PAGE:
Non-profit that helps teens could close by February due to $500K budget gap
SPOKANE, Wash. — A non-profit that saves teens from suicide, sex trafficking and substance abuse is in need of help itself.
Daybreak provides therapy and treatment to nearly a thousand teens in Spokane and Spokane Valley each year.
Now, staff at the non-profit say they have to close their doors because of a $500,000 budget gap.
It’s a gap the two Spokane County locations had nothing to do with.
The non-profit spent a lot of money expanding a facility north of Vancouver. Medicare reimbursements stopped when an employee was put under investigation.
Though charges were never filed, the non-profit as a whole missed out on nearly $3 million. It’s a loss that’s being felt in Spokane.
“I was put into foster care and I’m moving into this new family that I don’t really know and, like, I have a drug problem and all my friendships are going downhill because of it,” said 18-year-old Mya Roberts. “I always, like, tried to help myself but I wasn’t able to.”
All of that changed when Roberts went to Daybreak.
“She was very quiet and didn’t have a lot of self-confidence, self-esteem, and we really worked hard- she worked really hard,” said Dawn Flees, who works with the non-profit.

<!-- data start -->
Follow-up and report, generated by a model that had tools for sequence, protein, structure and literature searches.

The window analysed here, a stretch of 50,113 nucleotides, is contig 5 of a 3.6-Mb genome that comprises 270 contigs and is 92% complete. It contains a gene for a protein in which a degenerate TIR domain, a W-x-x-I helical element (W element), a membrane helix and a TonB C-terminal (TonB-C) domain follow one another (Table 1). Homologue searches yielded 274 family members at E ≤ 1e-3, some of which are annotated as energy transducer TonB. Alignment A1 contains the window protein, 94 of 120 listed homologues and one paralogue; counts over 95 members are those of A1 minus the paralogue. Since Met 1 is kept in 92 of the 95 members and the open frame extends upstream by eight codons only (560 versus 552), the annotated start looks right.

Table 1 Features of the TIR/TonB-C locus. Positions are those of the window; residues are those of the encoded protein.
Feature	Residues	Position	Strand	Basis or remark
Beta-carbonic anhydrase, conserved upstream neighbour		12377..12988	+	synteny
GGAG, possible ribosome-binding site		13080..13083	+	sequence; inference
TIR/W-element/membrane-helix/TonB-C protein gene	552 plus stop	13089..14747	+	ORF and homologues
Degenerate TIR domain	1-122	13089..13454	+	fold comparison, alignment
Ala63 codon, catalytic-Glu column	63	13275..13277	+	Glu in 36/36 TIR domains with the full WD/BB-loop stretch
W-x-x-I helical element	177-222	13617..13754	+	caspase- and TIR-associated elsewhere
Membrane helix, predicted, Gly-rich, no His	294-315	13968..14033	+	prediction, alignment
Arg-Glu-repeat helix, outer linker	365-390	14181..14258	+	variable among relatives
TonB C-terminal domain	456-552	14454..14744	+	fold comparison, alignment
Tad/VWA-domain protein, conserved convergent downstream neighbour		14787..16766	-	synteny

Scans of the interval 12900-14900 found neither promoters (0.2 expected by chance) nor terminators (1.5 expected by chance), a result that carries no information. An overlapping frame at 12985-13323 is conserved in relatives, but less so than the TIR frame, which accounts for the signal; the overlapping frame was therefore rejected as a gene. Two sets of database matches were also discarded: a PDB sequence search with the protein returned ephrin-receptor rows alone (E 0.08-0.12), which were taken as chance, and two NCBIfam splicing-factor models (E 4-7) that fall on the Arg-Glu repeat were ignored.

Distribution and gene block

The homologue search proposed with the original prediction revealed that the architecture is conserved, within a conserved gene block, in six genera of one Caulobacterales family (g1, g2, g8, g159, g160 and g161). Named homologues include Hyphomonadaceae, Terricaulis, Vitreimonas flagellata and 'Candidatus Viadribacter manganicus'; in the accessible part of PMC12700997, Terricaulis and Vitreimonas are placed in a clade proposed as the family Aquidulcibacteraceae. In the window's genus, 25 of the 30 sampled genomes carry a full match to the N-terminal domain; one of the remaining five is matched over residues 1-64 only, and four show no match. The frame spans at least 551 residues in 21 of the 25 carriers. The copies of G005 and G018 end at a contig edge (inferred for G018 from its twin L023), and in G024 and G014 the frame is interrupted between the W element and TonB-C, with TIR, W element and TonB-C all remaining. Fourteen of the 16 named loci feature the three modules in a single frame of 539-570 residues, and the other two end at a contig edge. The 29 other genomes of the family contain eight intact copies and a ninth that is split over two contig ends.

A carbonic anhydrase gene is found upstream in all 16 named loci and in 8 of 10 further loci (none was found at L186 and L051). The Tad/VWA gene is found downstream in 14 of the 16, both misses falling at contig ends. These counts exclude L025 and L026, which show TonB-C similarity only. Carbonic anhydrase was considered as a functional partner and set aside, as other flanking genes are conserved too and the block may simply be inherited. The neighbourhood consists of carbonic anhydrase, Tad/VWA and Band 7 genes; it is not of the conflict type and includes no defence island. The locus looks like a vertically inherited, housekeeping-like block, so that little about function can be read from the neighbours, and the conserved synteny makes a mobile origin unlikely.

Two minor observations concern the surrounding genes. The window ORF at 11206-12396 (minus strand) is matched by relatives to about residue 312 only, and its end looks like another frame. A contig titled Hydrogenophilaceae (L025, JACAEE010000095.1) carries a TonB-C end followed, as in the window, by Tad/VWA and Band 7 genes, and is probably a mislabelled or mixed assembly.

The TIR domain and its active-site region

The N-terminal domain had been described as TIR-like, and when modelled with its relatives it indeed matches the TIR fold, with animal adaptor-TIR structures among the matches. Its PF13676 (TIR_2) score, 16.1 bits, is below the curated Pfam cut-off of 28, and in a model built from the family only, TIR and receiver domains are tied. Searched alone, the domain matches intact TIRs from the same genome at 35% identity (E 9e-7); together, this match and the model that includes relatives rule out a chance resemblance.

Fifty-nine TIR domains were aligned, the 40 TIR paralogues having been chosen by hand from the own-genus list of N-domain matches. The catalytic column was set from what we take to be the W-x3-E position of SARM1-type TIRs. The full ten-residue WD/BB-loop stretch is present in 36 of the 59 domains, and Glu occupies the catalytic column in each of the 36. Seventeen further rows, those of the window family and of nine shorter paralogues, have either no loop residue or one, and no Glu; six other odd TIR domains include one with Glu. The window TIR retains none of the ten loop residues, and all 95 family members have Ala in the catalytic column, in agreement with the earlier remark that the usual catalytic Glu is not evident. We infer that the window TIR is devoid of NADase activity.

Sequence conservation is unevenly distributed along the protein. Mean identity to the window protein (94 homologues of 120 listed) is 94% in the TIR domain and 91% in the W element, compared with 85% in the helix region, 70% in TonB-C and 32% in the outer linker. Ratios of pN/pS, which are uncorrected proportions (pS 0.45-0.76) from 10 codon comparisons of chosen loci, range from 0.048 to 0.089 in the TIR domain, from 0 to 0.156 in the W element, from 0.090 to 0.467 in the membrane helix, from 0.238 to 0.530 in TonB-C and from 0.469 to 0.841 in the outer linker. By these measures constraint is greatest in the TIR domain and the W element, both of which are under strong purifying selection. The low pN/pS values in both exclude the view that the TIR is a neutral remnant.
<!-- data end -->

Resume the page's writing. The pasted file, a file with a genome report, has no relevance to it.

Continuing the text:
NEW AT 11: A non-profit that saves teens from suicide, sex trafficking and substance abuse is desperate for help themselves. Daybreak is facing a $500,000 budget gap and employees say they may have to close the doors. One former patient says that can’t happen. #4NewsNow pic.twitter.com/nL1ZrjKQDy
— Kyle Simchuk (@KyleKXLY) December 18, 2019
Roberts is just one of many success stories. Between the Spokane inpatient facility and Daybreak’s outpatient center in Spokane Valley, roughly 1,000 teens are given a second chance each year.
Some come for six hours a week, others stay for six months.
Now all of that support is at risk.
The non-profit needs $500,000 to stay open through March, when the Vancouver facility can begin collecting Medicaid and restore the collective budget.
Flees and other employees are asking for donations and praying for a Christmas miracle. Without the money, Spokane facilities may have to shut down as early as February.
Roberts has been sober for a year and a half. She’s also received a full-ride scholarship to Whitworth University. She hopes to become a Chemical Dependency Therapist just like Flees.
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